Defense comes first for coach Bud Childers and the Winthrop Lady Eagles basketball team.
It is defense that got Winthrop 20 wins last year. It is that stifling defense that earned Winthrop the No.2 spot in the Big South preseason poll. It's the defense that is beginning to gel with the team at full strength and three games to go before the conference schedule starts.
Winthrop finished 20-12 last year and was ranked second nationally in field goal percentage defense at the end of the season. The only team ahead of them in that category was national runner-up UConn (36-2).
If you make it really hard for the other team to score, you are going to have a good chance to win a lot of games. That's Childers' philosophy, and that's why he loves the statistic.
Sign Up and Save
Get six months of free digital access to The Herald
"We preach contesting every shot. Make the offensive player make a tough shot," Childers said.
Wednesday afternoon, after practice, Childers remembered hearing Larry Bird -- then the head coach of the NBA's Indiana Pacers -- speak at a clinic. He talked about field goal percentage defense.
Bird and the Pacers had an elaborate chart that listed every NBA player's shooting percentage in three categories (uncontested, slightly contested and strongly contested). Bird told the clinic participants that NBA players hit 60 percent of their uncontested shots. Their effectiveness dropped to 42 percent when slightly contested and ranged between 30 percent and 35 percent when strongly contested.
Bird's words left an impression on Childers.
"If the best players in the world only make 30 to 35 percent when they are strongly contested, it stands to reason we should gear up to keep a person from getting an uncontested shot," Childers said.
Winthrop held opponents to a .339 shooting percentage a year ago. They set the tone early in the season.
Through the first seven games last year, the Lady Eagles limited opponents to .304 (126-of-415) from the floor. The hard-nosed, contest-every-shot mentality has translated into a 5-2 start in 2007-2008.
This year, the team had to deal with the suspension of three players four days before the season began. The Lady Eagles struggled in the season opener and lost, 61-40, to Davidson at the Winthrop Coliseum.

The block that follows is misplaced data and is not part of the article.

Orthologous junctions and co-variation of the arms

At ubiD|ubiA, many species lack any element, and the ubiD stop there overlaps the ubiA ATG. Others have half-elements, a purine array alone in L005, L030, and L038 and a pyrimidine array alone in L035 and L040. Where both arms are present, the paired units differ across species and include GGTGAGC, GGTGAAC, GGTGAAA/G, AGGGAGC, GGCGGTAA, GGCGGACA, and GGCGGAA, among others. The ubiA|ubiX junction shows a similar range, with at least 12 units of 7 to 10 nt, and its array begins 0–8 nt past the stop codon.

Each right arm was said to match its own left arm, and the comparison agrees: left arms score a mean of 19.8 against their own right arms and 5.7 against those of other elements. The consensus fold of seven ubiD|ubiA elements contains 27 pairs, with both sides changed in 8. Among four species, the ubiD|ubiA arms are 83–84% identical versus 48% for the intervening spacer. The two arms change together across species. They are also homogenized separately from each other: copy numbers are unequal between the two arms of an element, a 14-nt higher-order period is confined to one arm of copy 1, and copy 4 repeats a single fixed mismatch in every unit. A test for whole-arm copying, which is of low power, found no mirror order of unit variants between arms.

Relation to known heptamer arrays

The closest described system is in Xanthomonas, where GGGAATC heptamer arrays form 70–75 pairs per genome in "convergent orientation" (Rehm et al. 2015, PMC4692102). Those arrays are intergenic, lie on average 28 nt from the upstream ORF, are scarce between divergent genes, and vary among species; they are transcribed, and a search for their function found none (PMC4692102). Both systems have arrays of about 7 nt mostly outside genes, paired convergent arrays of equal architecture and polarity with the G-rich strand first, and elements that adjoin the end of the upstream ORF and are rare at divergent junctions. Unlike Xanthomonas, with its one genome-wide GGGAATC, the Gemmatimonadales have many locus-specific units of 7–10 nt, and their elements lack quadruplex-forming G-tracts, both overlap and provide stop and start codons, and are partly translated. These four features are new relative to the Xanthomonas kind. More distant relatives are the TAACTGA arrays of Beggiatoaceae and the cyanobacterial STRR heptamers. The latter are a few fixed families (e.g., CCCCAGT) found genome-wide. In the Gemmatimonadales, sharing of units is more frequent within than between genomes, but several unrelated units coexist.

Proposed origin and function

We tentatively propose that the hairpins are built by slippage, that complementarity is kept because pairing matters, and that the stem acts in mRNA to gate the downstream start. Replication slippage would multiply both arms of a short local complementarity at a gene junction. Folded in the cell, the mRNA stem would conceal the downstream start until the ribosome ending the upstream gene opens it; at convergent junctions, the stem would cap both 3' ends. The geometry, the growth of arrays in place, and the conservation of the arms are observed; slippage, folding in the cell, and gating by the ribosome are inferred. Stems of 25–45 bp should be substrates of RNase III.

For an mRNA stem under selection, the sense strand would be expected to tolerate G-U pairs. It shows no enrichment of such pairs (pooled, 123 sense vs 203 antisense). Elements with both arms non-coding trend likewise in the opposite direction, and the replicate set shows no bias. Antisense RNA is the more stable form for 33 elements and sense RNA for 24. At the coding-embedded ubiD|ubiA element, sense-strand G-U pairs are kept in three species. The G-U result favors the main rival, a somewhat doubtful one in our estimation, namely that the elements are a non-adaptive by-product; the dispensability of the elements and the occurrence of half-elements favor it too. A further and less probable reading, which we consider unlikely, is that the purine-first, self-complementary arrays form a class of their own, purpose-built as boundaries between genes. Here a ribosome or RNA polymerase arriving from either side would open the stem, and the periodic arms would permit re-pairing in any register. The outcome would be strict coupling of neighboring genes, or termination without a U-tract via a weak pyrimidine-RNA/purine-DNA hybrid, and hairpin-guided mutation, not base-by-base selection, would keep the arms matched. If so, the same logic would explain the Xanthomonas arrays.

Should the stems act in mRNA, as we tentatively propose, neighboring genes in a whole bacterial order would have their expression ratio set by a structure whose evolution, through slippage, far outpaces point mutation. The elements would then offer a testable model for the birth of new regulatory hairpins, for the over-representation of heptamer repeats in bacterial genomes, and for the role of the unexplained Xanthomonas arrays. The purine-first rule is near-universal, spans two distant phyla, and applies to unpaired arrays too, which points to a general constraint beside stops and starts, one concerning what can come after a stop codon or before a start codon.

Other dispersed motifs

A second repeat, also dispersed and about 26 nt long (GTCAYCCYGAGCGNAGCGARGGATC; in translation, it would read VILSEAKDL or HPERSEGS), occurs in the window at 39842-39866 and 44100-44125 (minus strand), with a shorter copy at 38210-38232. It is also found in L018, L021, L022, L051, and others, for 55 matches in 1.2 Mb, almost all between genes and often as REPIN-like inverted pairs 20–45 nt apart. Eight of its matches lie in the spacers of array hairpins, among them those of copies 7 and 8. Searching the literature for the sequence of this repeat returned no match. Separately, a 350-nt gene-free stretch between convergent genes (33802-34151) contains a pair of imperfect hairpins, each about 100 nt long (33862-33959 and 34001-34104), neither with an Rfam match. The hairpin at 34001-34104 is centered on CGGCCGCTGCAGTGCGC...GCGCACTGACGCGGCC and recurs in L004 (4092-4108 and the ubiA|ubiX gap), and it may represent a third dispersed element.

But the team has rallied and owns a 4-3 record. The next game is Dec. 18 against Georgia Tech in the Bahamas Sunsplash Shootout. Georgia Tech has lost twice this season, to UConn and Texas. They might be ranked in the Top 25 when they meet next Thursday.
Winthrop's defense has been solid except for the first half against Davidson. The Lady Eagles are ranked 55th in the country in Childers' favorite stat. Opponents are hitting 36.5 percent from the floor (148-of-406).
Their ranking could improve now that the team is back at full-strength.
"Coach Childers just puts such an emphasis on defense. We have to do it his way; hands up, don't slap at the ball," senior guard Tiffany Rodd said.
Rodd is one of the players Childers points to that has come a long way defensively.
Senior center Jennifer Walker is another. She loves contact but wasn't used to Childers' ways when she arrived from Walters State Community College last year. She is an aggressive player and picked up quick fouls last year.
Childers stresses discipline on defense, and Walker is understanding that now.
"Coach has us play hard on the ball and focus on keeping the player from going middle," Walker said.
Winthrop will never lead the league in blocked shots under Childers. He teaches his players to hold their ground and defend shots with two hands straight up. You will see his players, especially the juniors and seniors, use the strategy in every game.
Shelly Hankins is considered the top defensive player on the team. She is a great on-the-ball defender, but she didn't come to Winthrop with that label, she had to earn it.
"I never heard that before I came here. Coach Childers would tell me I had the quickness to be a good defender. He wanted me to step up that part of my game. He teaches a lot of technique," Hankins said.
"It is a hard technique to instill in players. It's hard to get them to understand it. (Ashley) Fann and (Ashley) Haugtvedt have gotten really good at it. (Ashley) Cox and (TaQuoia) Hammick are working on it," Childers said.
"We strive to hold teams to 30 to 35 percent every night. It is the two-point shots we really have to defend well. The drives, the pull-ups, the inside shots and post-ups. We want to push them out to an area where they aren't quite as comfortable and then be disciplined on defense between the player and the basket."